Mussels with White Wine and Tomatoes

Why not? Maybe it's something about dealing with the shells. Maybe it's the fact that they're living and need to be cooked right away — Mussels really aren't keen on hanging around the fridge.

Then again, maybe it's just habit. It's just so easy to whip up a salad or to sear a steak. It's a cinch to throw on a pot of soup and have something comforting to eat for several days.

But mussels have so much going for them, I really feel like efforts should be made to work them into the routine.

Here's a super-fast, super-easy mussel method. My best tip for success? Make sure they're all closed (or ready and willing to close) before you cook 'em. If their shells are a little open, give 'em a squeeze and see if they make an attempt to shut. Mussels that don't close should be tossed.

Mussels in White Wine & Tomatoes (Serves about 4 people)
1 tbsp olive oil
3-4 garlic cloves, smashed or minced
2 shallots, sliced thin
1/4 tsp red pepper flakes (optional)
2 lb fresh mussels
1 cup dry white wine
1 can (28oz) diced tomatoes, drained
1/4 cup flat-leaf parsley, chopped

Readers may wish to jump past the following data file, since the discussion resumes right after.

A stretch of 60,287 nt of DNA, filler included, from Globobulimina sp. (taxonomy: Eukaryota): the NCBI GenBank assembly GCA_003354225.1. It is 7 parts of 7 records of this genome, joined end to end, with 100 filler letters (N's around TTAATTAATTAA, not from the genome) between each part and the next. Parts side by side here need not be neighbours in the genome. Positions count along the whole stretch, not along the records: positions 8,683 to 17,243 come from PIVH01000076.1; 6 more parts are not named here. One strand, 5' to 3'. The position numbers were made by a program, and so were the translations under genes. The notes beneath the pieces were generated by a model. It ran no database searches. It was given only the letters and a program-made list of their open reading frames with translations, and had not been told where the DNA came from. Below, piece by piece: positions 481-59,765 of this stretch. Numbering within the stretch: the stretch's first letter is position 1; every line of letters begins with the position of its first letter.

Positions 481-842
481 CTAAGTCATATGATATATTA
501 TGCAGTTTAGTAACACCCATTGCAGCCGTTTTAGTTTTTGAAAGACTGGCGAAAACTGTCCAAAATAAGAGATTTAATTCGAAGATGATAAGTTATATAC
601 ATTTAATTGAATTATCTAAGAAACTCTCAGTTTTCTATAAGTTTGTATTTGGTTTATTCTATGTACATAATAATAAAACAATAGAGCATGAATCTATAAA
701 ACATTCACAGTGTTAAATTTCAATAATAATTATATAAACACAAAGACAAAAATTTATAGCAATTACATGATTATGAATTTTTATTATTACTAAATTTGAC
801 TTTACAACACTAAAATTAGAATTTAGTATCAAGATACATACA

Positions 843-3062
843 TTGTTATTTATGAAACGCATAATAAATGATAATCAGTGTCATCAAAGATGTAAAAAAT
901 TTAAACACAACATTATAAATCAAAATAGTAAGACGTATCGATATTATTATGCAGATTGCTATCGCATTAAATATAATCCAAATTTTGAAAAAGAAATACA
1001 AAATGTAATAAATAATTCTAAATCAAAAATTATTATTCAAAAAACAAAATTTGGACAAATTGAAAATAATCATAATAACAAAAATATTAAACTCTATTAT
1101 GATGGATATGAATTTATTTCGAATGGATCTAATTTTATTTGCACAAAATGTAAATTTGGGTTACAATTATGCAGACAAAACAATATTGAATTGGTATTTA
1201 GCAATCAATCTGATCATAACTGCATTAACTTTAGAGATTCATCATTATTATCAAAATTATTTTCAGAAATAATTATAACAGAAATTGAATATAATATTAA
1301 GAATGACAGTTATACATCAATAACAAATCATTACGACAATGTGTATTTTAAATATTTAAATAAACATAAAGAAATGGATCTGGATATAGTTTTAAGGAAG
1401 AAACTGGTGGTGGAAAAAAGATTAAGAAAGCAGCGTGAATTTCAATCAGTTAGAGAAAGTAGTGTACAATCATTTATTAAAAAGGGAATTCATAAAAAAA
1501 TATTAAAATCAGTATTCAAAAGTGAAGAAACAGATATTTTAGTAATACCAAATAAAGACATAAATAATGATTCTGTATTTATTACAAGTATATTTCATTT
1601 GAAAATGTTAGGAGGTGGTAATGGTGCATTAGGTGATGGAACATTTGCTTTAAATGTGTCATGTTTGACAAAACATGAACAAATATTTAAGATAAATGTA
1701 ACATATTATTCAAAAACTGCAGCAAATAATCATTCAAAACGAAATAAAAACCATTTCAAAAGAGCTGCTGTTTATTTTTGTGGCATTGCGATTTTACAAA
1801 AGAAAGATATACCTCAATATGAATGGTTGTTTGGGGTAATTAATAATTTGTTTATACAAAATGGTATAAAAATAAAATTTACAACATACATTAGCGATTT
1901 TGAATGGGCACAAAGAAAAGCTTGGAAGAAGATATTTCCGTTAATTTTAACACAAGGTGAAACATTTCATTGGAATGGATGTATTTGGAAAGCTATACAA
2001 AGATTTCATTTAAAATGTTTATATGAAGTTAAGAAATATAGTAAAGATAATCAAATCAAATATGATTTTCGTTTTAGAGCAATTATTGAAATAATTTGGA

1. In cool running water, scrub the mussels clean and pull off the little bit of seaweed-like "beard" along the edges.
2. Heat the olive oil in a large skillet or heavy-bottomed pan. Add the garlic, shallots and red pepper flakes (if using). Sautée for 2-3 minutes.
3. Add the mussels to the pan and stir them about, coating them in the oil. Add in the drained tomatoes and the white wine. Cover the pan and cook until the mussels begin to open, about 3 to 5 minutes.
4. Remove the pan from the heat. Spoon out the cooked mussels and sauce into serving dishes and sprinkle with the parsley. Be sure to offer separate bowls to collect the shells.

Serve with a sliced baguette — you and your fellow diners can soak up some of the savory sauce.

Obviously, this dish is going to go well with the rest of the bottle of wine you used for cooking, so be sure you're cooking with a wine you enjoy (and that's just good advice for just about any dish).

Bon Appetit!
Miss Ginsu